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CD56 Expression Marks Human Group 2 Innate Lymphoid Cell Divergence from a Shared NK Cell and Group 3 Innate Lymphoid Cell Developmental Pathway

Overview of attention for article published in Immunity, September 2018
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  • In the top 25% of all research outputs scored by Altmetric
  • High Attention Score compared to outputs of the same age (88th percentile)
  • Average Attention Score compared to outputs of the same age and source

Mentioned by

35 tweeters


82 Dimensions

Readers on

118 Mendeley
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CD56 Expression Marks Human Group 2 Innate Lymphoid Cell Divergence from a Shared NK Cell and Group 3 Innate Lymphoid Cell Developmental Pathway
Published in
Immunity, September 2018
DOI 10.1016/j.immuni.2018.08.010
Pubmed ID

Luxi Chen, Youssef, Cameron Robinson, Gabrielle F. Ernst, Mary Y. Carson, Karen A. Young, Steven D. Scoville, Xiaoli Zhang, Regine Harris, Palak Sekhri, Anthony G. Mansour, Wing K. Chan, Ansel P. Nalin, Hsiaoyin C. Mao, Tiffany Hughes, Emily M. Mace, Yinghong Pan, Navin Rustagi, Sujash S. Chatterjee, Preethi H. Gunaratne, Gregory K. Behbehani, Bethany L. Mundy-Bosse, Michael A. Caligiuri, Aharon G. Freud


According to the established model of murine innate lymphoid cell (ILC) development, helper ILCs develop separately from natural killer (NK) cells. However, it is unclear how helper ILCs and NK cells develop in humans. Here we elucidated key steps of NK cell, ILC2, and ILC3 development within human tonsils using ex vivo molecular and functional profiling and lineage differentiation assays. We demonstrated that while tonsillar NK cells, ILC2s, and ILC3s originated from a common CD34-CD117+ ILC precursor pool, final steps of ILC2 development deviated independently and became mutually exclusive from those of NK cells and ILC3s, whose developmental pathways overlapped. Moreover, we identified a CD34-CD117+ ILC precursor population that expressed CD56 and gave rise to NK cells and ILC3s but not to ILC2s. These data support a model of human ILC development distinct from the mouse, whereby human NK cells and ILC3s share a common developmental pathway separate from ILC2s.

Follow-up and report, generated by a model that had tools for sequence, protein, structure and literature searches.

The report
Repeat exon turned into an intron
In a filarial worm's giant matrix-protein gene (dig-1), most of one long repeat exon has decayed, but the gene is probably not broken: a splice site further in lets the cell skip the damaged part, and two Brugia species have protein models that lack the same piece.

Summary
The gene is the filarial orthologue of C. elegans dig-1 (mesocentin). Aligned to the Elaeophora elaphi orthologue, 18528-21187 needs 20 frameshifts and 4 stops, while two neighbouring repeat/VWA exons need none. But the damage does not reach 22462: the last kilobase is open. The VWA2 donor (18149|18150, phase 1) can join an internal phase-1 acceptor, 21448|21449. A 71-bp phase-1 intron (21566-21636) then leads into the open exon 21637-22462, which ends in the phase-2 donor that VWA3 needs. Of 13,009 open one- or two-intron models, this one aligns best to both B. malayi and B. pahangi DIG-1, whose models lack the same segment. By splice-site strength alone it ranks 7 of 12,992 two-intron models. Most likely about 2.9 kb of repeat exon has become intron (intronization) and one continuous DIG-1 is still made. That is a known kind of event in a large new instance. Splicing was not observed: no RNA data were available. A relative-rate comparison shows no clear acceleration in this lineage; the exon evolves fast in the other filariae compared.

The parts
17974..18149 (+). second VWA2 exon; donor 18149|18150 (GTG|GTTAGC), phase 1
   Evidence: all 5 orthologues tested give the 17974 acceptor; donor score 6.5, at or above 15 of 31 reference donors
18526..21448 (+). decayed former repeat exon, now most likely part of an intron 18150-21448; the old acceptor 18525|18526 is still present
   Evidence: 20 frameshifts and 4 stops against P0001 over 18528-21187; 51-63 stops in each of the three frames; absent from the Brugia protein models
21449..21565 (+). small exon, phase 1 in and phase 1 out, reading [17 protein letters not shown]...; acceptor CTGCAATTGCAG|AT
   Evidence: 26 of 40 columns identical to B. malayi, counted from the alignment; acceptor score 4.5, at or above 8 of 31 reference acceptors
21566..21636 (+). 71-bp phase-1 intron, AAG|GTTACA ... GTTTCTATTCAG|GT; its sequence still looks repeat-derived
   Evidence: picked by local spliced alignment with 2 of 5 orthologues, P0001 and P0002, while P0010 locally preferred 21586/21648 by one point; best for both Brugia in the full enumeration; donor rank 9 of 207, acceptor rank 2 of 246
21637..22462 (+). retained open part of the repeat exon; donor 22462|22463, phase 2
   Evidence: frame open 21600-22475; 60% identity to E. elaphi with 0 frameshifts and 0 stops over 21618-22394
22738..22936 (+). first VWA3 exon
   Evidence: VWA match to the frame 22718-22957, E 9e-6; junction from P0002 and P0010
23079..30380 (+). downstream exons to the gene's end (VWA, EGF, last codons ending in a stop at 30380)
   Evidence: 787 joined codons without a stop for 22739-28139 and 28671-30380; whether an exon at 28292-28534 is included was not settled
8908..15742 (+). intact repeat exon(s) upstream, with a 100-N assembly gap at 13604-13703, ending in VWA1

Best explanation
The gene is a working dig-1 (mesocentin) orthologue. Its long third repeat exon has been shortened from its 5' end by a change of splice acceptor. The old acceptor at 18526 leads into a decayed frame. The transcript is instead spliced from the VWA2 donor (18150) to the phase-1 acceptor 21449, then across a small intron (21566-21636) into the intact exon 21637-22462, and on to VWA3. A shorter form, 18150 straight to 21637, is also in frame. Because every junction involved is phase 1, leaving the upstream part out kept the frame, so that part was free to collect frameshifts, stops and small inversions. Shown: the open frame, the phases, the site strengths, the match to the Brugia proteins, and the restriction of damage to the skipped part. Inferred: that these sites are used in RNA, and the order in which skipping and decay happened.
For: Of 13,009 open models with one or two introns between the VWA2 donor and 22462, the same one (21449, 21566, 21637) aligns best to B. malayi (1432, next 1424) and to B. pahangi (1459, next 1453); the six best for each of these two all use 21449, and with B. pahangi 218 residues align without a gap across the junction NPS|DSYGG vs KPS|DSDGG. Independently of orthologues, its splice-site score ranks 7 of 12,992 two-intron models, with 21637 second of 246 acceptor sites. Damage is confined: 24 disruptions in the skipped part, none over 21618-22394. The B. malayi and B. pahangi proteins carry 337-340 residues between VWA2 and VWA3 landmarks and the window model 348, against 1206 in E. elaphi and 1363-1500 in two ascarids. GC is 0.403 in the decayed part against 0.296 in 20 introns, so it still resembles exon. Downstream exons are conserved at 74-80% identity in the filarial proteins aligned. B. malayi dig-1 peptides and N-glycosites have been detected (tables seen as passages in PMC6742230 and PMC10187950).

Twitter Demographics

Twitter Demographics

The data shown below were collected from the profiles of 35 tweeters who shared this research output. Click here to find out more about how the information was compiled.
Mendeley readers

Mendeley readers

The data shown below were compiled from readership statistics for 118 Mendeley readers of this research output. Click here to see the associated Mendeley record.

Geographical breakdown

Country Count As %
Unknown 118 100%

Demographic breakdown

Readers by professional status Count As %
Student > Ph. D. Student 28 24%
Researcher 26 22%
Student > Master 21 18%
Student > Doctoral Student 8 7%
Student > Bachelor 4 3%
Other 8 7%
Unknown 23 19%
Readers by discipline Count As %
Immunology and Microbiology 48 41%
Agricultural and Biological Sciences 17 14%
Biochemistry, Genetics and Molecular Biology 13 11%
Medicine and Dentistry 8 7%
Computer Science 1 <1%
Other 3 3%
Unknown 28 24%
Attention Score in Context

Attention Score in Context

This research output has an Altmetric Attention Score of 19. This is our high-level measure of the quality and quantity of online attention that it has received. This Attention Score, as well as the ranking and number of research outputs shown below, was calculated when the research output was last mentioned on 21 August 2021.
All research outputs
of 24,411,829 outputs
Outputs from Immunity
of 4,714 outputs
Outputs of similar age
of 339,428 outputs
Outputs of similar age from Immunity
of 62 outputs
Altmetric has tracked 24,411,829 research outputs across all sources so far. Compared to these this one has done particularly well and is in the 92nd percentile: it's in the top 10% of all research outputs ever tracked by Altmetric.
So far Altmetric has tracked 4,714 research outputs from this source. They typically receive a lot more attention than average, with a mean Attention Score of 32.4. This one has gotten more attention than average, scoring higher than 71% of its peers.
Older research outputs will score higher simply because they've had more time to accumulate mentions. To account for age we can compare this Altmetric Attention Score to the 339,428 tracked outputs that were published within six weeks on either side of this one in any source. This one has done well, scoring higher than 88% of its contemporaries.
We're also able to compare this research output to 62 others from the same source and published within six weeks on either side of this one. This one is in the 45th percentile – i.e., 45% of its contemporaries scored the same or lower than it.